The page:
Overwhelming turnout of young people at March for Life is encouraging
With estimates that 500,000 to 650,000 supporters took part in the 2013 March for Life on Jan. 25, the outlook for the pro-life movement is very good.
In 2010, when the number of those taking part in the March for Life started its climb from 250,000 participants to what would be 400,000 in 2011, The Washington Post was already reporting that half of the participants appeared to be under 30.
And the trend of younger people constituting a larger and larger portion of the event has continued to this day.
This is seriously wonderful news -- and perhaps not surprising, considering that the "under 30 crowd" represents people who have been raised at a time when advanced ultrasounds allow them to see things their parents and grandparents couldn't see.
In exacting detail, they see the hands, feet, and yawns of children in the womb -- children the left successfully described as nothing more than a "mass of cells" or a "bundle of DNA" a decade ago.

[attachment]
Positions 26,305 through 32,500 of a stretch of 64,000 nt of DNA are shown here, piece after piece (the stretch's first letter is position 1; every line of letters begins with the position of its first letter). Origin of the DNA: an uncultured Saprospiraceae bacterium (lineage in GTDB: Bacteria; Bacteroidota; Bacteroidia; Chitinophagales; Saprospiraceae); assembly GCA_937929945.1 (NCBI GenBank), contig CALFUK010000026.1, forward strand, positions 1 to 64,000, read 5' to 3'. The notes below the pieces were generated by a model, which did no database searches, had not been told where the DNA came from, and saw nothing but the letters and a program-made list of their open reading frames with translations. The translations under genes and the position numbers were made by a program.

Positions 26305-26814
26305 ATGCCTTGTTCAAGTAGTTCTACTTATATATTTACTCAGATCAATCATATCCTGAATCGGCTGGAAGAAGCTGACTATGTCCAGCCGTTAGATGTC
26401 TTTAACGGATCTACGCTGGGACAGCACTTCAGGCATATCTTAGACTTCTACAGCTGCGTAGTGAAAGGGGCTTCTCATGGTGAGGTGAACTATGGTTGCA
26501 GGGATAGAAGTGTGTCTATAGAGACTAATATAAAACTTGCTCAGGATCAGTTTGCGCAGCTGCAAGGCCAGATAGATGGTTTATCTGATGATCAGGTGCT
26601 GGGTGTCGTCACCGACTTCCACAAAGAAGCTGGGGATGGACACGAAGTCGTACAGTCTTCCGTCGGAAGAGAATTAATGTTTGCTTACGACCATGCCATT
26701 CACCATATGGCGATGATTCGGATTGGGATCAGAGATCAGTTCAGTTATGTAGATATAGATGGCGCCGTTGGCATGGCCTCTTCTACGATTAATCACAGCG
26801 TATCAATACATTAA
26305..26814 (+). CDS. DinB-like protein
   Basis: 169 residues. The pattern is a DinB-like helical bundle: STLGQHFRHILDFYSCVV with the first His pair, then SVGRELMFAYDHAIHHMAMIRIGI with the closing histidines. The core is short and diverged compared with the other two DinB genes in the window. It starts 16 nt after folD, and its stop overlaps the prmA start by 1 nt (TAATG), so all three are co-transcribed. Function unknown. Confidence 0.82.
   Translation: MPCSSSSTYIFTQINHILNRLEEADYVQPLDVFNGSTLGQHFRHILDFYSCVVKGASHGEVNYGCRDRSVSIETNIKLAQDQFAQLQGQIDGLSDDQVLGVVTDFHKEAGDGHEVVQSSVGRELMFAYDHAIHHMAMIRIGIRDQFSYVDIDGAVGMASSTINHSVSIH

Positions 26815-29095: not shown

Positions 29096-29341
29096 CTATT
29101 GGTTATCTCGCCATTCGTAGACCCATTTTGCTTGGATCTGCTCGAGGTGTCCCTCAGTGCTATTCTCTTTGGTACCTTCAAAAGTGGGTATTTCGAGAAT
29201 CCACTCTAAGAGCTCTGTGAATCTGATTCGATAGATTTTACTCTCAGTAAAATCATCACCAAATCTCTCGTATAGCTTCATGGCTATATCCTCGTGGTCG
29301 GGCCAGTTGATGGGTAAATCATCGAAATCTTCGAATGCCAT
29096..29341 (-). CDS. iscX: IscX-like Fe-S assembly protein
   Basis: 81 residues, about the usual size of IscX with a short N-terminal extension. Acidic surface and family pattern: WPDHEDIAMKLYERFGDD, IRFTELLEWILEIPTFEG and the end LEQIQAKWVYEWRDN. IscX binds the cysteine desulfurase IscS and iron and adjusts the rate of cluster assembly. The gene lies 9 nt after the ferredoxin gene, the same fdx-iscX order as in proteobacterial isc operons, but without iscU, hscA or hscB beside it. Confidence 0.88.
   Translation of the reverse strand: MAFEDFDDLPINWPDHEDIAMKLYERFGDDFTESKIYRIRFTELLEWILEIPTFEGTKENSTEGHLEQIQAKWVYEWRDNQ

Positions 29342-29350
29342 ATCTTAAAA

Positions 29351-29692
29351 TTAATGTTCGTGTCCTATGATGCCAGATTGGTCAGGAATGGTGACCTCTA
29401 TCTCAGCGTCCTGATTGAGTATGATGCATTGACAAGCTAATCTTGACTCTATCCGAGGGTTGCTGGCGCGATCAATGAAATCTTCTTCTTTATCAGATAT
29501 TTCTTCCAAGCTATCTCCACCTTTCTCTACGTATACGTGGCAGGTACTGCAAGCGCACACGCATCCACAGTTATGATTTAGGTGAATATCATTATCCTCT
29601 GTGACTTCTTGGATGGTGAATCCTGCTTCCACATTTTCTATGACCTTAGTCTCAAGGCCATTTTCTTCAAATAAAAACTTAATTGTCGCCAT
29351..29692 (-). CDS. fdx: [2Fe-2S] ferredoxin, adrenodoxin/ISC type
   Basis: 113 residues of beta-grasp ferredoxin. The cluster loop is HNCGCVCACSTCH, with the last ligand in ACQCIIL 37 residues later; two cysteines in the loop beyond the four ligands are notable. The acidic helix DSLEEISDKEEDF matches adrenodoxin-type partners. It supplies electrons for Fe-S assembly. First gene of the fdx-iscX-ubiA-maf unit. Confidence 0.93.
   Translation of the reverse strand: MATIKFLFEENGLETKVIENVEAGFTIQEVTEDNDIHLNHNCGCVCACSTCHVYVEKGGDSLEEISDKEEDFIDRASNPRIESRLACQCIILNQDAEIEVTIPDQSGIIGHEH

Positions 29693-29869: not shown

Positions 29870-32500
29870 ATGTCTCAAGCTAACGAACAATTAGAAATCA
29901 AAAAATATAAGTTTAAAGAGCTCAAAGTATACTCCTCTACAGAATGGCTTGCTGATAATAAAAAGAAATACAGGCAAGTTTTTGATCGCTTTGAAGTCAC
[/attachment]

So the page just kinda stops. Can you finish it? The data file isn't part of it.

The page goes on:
Newer generations have also benefited from 4D ultrasounds, which allow them not only to see pictures of preborn children, but also to watch videos of these children in real time in the womb.
These advanced ultrasounds show 24-week-old children yawning, smiling, and doing much more. They put the left in a difficult position; pushing a ban on ultrasounds might be a little too daring even for them.
Moreover, many in this "under 30 group" have ultrasound photos of themselves hanging on their refrigerator doors.
Educational materials complement the clinical benefits provided by ultrasounds. These materials are provided by a growing array of pro-life groups, including the March for Life, Alliance Defending Freedom, and the Susan B. Anthony List.
Put succinctly, the pro-life movement is strong and getting stronger.
The generation that's stepping in is committed, and its many young members proved it on a 23-degree day in January, when hundreds of thousands of them showed up to march for life.